We’re so excited that next Wednesday, November 18, 2015, Pulitzer Prize–winning novelist Jane Smiley is coming to visit Nashville as part of the Salon@615 series. If you’ve been reading “The Last Hundred Years” trilogy, you’ll be thrilled to know that Golden Age, the third and final volume in the series, delivers just what you’ve been waiting for — a rich, complex conclusion to the storylines developed in Some Luck and Early Warning. If, on the other hand, you haven’t read the first two, you’re in the enviable position of getting to binge-read the entire epic family saga now that all three are available. Either way, lucky you.
If you’re new to the trilogy, here’s a quick summary to catch you up, from BookPage:
Golden Age opens during a 1987 family reunion at the Langdon family farm in Iowa. Gathered are the surviving children and a number of grandchildren of Walter and Rosanna Langdon, the progenitors and subject of the trilogy’s first volume, Some Luck, which began in 1923. By this point, readers know intimately many of these characters and are familiar with the affections and antagonisms that bind and separate parents and children, aunts and uncles, husband and wives, brothers, sisters and cousins. These ups and downs only proliferate as the story unfolds, until this final episode concludes in 2019. A long-alienated husband and wife find a surprising, loving accommodation late in their marriage, for example, and the love-hate relationship of twin brothers Michael, a high-flying venture capitalist, and Richie, a well-intentioned congressman, goes completely off the rails.
As with the previous volumes in the trilogy, Smiley devotes a chapter to each year. With an increasing number of grandchildren and great grandchildren, this requires an astonishing facility for stage management. Smiley makes compelling narrative choices, and Golden Age reverberates with shocks and surprises.
(Want to know more? For an in-depth review, don’t miss “In the Wake of History” from our friends at Chapter16.)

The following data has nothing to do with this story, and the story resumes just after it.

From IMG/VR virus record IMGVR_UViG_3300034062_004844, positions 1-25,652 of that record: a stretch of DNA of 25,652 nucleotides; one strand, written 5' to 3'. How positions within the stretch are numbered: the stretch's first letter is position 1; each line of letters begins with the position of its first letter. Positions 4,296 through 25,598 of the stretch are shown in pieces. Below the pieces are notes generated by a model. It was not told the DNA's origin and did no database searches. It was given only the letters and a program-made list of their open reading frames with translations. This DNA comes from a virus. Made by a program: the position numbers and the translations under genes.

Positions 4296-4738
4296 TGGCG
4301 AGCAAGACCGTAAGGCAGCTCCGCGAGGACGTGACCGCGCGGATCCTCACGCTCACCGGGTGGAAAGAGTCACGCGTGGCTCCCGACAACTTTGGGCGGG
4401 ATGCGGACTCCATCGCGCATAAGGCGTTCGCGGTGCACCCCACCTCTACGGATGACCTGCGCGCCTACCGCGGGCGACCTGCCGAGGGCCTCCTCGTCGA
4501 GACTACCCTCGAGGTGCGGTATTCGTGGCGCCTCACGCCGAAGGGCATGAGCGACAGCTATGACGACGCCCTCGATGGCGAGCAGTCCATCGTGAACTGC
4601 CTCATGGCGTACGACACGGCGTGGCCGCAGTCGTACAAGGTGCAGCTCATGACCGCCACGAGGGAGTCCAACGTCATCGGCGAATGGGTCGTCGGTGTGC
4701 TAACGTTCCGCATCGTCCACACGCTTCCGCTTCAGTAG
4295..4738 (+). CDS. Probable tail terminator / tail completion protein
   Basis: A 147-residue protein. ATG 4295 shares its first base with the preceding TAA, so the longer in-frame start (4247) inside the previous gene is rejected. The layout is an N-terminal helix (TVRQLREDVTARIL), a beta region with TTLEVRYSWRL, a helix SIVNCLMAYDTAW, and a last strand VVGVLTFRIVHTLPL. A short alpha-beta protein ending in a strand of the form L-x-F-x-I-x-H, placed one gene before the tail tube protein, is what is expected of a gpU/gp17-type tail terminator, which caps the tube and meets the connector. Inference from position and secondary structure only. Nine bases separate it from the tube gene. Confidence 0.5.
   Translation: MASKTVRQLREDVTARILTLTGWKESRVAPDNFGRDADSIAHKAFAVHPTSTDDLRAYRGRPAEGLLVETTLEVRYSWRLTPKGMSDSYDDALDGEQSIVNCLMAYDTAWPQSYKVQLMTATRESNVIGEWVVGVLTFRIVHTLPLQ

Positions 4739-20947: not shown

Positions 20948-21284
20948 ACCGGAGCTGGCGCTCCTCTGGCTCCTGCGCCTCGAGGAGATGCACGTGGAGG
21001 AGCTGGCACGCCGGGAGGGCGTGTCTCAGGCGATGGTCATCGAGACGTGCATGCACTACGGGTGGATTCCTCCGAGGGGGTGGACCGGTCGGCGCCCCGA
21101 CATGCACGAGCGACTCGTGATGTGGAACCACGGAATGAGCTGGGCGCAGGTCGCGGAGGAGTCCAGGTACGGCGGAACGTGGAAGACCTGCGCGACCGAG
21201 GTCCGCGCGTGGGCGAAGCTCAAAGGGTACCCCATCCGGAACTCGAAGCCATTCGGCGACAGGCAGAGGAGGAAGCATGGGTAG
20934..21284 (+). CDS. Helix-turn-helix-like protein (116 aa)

In honor of Smiley’s trip to Nashville next Wednesday, here’s a lightning round Q&A:
The activity you enjoy which is the most different from writing is: Riding. No surprise. But I do write about riding a lot.
If you could tell your 30-year-old self something, you’d say: Stop worrying.
If you could tell your 80-year-old self something, it would be: Eat whatever you want.
The most unusual fan interaction you’ve had on book tour was: A man, not a fan, asked me how I could justify “lying for a living.” I explained the concept of “willing suspension of disbelief.” My husband was ready for him to shoot me.
The creator/performer/writer/actor you’d be most starstruck by if you met: Steve Martin
If you suddenly got 2 free hours, you’d spend them doing: I can’t say until I get the 2 free hours.
Right now, you’re most grateful for: 1. My husband. 2. My horse’s lameness having improved since yesterday. 3. All the children seeming to be in good health and happy.
Right now, you’re most excited about: Going to the UK for a week on my book tour.
The last music you listened to was: Compilation of various artists singing Leonard Cohen songs. “Famous Blue Raincoat,” etc.
Your favorite thing about the real-live bookstore experience: Being simultaneously surrounded by books and readers
The last books you loved reading and/or the books in your to-read stack? Latest books: Phineas Finn by Anthony Trollope, The Extraordinary Life of Rebecca West by Lorna Gibb, Nice Work by David Lodge. To read: Phineas Redux by Anthony Trollope, The Hemingses of Monticello by Annette Gordon-Reed
(For more Q&A with Jane Smiley, check out her interview with The Tennessean.)
Read all three: